RNA: a double-edged sword in genome maintenance

Abstract

All organisms must safeguard the integrity of their DNA to avoid deleterious consequences of genome instability, which have been linked to human diseases such as autoimmune disorders, neurodegenerative diseases and cancer. Traditionally, genome maintenance has been viewed largely in terms of DNA–protein interactions. However, emerging evidence points to RNA as a key modulator of genome stability, with seemingly opposing roles in promoting chromosomal instability and protecting genome integrity. Unravelling the mechanistic and contextual basis of this duality will not only improve our understanding of the interfaces between RNA and the genome but will also provide important insights into how disrupted RNA metabolism contributes to disease origin, laying the foundation for targeted intervention.

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Fig. 1: RNA can potentially affect genome stability at each stage of its life cycle.
Fig. 2: Co-transcriptional R-loops and genome stability.
Fig. 3: RNA-templated DSB repair.
Fig. 4: RNA-mediated DNA damage signalling.
Fig. 5: RNA processing and genome stability.
Fig. 6: RNA-mediated chromatin organization.
Fig. 7: RNA-mediated suppression of retrotransposons.
Fig. 8: Genomic ribonucleotides and mechanisms for their removal.

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Acknowledgements

The authors thank S. John and N. Johnson for critical reading of the manuscript. The authors acknowledge and apologize to peers whose work could not be cited owing to space limitation.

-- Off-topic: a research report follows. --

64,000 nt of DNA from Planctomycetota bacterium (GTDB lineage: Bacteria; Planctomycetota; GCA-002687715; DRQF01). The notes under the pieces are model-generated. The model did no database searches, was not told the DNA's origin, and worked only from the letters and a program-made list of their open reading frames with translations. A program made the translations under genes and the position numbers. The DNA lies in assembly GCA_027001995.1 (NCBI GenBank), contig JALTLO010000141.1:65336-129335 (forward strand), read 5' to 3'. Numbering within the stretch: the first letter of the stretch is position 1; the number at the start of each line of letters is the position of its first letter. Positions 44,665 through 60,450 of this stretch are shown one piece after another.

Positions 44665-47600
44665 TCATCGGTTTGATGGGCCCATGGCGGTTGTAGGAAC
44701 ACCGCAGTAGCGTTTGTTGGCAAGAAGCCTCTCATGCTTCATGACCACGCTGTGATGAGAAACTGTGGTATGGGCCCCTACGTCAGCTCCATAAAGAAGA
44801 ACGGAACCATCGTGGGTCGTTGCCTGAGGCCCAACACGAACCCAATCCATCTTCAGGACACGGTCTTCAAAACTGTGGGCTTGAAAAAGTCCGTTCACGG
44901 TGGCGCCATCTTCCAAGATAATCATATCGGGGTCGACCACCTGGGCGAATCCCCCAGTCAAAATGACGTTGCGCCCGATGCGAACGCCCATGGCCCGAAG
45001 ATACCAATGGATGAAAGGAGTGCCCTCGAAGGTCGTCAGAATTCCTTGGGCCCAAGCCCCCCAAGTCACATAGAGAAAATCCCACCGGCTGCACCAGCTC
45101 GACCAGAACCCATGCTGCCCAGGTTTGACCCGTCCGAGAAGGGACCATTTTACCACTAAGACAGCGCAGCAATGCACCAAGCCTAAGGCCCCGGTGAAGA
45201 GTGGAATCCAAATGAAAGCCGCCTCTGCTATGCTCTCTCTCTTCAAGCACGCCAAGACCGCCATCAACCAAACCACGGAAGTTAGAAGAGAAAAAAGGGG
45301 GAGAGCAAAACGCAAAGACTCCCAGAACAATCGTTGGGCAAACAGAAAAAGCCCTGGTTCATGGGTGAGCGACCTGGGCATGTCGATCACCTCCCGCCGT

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D.Z. researched data for article. D.Z., and A.N. wrote the article. All authors contributed substantially to discussion of the content and reviewed/edited the manuscript before submission.

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Correspondence to André Nussenzweig.

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Nature Reviews Genetics thanks A. Aguilera, who co-reviewed with B. Gómez-González, F. Storici, who co-reviewed with C. Meers, and the other, anonymous, reviewer(s) for their contribution to the peer review of this work.

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Glossary

Replisome

A large ensemble of proteins that together create a replication fork and initiate DNA synthesis from a replication origin.

Nucleolytic cleavage

A chemical or enzymatic process that breaks phosphodiester bonds in the DNA backbone.

Structure-specific nucleases

Enzymes that recognize and cleave specific types of secondary structure within DNA.

Nucleotide excision repair

A mode of DNA repair wherein a string of nucleotides containing the damaged bases are excised and the resultant gap is filled in by new DNA synthesis.

Transition mutations

A type of point mutation that changes a purine nucleotide to another purine or a pyrimidine nucleotide to another pyrimidine.

Immunoglobulin class switch recombination

A physiological gene rearrangement event in B lymphocytes that replaces the heavy-chain constant region of the expressed immunoglobulin isotype with a different heavy-chain constant region, thereby altering the effector function of the antibody.

CpG islands

Distinct regions of the genome that contain a large number of predominantly unmethylated CG dinucleotide repeats, which are frequently found near mammalian gene promoters.

Promoter-proximal pausing sites

Regions near the promoter of genes where RNA polymerase pauses until it is stimulated to resume transcriptional elongation.